Partnership for After School Education


Through his motto, "pure positive, no negative," Franco Rosado empowers young people in the Directions for Youth Program at I.S. 229 in the South Bronx.  Six years ago, he developed the Peer Advisor Leadership School (PALS), a program emphasizing behavior modification that brings together ten high school students who Rosado trains and employs as youth mentors to work with twenty troubled 5th and 6th graders, as an alternative to suspension.  Through innovative games, positive reinforcement, and a sense of caring and commitment, Rosado and his team of teenage peer mentors transform the 5th and 6th graders into successful students. 

Games play a major role in Rosado's mission and reinforce critical concepts of how to succeed in school, instilling life skills and encouragement.  The Silence Game, for example, challenges young people to stay silent for as long as possible, thereby showing them how much work it takes to pay attention.  The Face Off Game has children turn and face each other as quickly as possible, thereby teaching them to face their fears.  "To live your dreams, you've got to face your fears," said Rosado, who compares his own personal experience of leaving the Bronx to attend U.C.L.A, from where he received his B.A.  "I teach them how to do it scared."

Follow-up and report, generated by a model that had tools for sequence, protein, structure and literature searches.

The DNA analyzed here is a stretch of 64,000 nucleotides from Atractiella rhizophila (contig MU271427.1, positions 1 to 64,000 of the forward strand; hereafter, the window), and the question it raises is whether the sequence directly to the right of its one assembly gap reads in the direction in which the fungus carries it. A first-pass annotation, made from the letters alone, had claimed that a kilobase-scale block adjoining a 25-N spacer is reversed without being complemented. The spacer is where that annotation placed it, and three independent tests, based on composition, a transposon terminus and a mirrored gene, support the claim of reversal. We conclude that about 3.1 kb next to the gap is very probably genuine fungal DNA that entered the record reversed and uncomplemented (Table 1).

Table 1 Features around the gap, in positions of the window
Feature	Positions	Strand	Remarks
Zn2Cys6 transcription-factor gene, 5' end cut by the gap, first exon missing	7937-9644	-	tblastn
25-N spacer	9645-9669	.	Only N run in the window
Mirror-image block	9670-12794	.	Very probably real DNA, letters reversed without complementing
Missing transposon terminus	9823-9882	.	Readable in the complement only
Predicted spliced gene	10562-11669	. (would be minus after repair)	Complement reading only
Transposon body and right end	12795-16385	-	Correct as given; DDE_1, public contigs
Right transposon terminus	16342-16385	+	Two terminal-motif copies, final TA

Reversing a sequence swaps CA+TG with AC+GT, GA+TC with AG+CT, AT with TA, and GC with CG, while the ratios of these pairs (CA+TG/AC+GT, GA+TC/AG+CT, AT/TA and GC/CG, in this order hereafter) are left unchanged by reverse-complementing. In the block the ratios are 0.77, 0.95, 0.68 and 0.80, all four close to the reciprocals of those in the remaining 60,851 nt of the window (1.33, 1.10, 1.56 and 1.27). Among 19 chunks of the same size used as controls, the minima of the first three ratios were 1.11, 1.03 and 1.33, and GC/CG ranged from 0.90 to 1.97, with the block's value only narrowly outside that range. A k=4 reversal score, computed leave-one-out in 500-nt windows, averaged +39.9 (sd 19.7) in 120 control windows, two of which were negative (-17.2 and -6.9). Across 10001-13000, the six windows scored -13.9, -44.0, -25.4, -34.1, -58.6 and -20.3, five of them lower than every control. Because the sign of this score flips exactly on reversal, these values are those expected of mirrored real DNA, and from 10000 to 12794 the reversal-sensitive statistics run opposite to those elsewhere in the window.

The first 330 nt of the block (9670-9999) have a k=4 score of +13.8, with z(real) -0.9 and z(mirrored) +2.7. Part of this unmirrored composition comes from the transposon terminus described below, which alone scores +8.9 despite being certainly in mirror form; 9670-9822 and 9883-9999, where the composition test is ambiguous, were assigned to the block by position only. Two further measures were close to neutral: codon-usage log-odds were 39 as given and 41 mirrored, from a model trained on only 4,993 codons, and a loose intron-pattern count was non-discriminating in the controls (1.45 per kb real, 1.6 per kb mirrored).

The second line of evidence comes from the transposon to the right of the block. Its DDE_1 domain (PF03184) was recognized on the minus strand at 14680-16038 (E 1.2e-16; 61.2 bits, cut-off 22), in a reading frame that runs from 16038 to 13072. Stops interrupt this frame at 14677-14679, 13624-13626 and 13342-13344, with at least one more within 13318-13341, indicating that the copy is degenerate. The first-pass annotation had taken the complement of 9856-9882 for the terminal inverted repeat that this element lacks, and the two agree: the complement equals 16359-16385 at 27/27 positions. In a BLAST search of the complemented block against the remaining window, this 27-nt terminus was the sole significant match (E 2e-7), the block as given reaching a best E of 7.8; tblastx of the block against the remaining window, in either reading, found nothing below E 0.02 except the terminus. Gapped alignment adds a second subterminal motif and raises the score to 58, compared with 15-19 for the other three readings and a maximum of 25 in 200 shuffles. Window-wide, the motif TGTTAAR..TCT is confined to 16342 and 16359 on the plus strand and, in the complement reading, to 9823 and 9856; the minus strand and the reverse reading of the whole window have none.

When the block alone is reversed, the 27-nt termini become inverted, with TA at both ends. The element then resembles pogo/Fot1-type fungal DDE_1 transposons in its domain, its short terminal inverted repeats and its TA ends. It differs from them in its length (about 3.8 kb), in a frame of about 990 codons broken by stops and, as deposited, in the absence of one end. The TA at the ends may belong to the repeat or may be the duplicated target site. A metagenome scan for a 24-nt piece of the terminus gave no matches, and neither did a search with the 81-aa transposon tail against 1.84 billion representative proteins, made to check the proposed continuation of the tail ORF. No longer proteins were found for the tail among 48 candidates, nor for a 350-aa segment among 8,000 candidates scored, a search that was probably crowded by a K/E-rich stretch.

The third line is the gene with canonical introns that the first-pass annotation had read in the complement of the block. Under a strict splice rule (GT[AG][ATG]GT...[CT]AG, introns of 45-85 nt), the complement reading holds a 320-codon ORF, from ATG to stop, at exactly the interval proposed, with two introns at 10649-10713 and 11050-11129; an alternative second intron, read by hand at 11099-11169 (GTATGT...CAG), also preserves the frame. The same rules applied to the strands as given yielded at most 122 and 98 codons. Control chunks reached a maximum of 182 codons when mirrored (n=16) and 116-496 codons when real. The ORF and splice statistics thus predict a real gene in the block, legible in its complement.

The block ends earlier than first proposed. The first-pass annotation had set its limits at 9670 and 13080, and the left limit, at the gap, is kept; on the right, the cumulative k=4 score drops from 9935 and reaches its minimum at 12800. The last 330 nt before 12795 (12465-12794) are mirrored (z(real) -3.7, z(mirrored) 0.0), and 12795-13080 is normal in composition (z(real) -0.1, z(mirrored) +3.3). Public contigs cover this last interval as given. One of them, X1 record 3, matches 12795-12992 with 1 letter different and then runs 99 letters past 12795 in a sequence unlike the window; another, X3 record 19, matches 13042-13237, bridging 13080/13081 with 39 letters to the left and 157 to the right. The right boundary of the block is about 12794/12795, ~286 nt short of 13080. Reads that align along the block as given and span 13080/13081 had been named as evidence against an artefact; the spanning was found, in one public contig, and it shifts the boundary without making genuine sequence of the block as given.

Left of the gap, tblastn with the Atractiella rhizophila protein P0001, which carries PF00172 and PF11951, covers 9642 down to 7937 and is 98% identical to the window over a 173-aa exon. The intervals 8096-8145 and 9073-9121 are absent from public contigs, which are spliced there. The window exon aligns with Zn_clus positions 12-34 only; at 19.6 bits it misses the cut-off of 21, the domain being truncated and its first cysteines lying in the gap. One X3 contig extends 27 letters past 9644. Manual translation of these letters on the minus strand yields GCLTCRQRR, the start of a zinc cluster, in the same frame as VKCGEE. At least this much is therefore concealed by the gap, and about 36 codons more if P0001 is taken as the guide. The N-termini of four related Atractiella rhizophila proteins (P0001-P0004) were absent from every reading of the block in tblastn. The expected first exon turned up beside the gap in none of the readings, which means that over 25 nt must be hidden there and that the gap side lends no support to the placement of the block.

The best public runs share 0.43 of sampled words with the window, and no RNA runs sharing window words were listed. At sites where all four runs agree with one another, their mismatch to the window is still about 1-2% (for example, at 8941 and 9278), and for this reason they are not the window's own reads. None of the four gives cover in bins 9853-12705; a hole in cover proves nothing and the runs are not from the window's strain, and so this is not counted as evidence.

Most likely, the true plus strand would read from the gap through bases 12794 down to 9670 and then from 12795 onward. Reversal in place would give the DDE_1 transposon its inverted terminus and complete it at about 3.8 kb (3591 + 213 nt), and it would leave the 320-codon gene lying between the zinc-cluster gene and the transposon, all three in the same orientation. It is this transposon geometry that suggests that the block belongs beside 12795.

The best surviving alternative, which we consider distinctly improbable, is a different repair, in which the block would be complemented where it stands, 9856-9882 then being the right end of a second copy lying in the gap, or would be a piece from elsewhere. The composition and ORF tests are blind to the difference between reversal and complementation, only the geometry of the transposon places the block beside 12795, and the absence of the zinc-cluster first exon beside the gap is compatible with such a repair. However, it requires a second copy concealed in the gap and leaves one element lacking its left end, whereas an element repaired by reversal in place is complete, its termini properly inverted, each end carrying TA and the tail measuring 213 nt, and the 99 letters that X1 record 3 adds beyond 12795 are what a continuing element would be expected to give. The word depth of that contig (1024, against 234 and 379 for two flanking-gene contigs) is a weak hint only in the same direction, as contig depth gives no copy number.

Positive reinforcement takes the shape of field trip incentives and public recognition of achievements.  In addition, Rosado created the "Wall of Heroes" in his office, on which he displays Student of the Week certificates he awards to young people along with pictures of superheroes.  "All of my kids want to be on the Wall of Heroes," says Rosado.

As for the success of PALS, Rosado says, "When the principal comes in, she can't believe they're the same kids."  He has children that are now on the honor roll, and kids who were failing every class who are now passing every class.  "I empower them to think," said Rosado.  "When you empower a child, a beautiful thing happens.  They believe in themselves."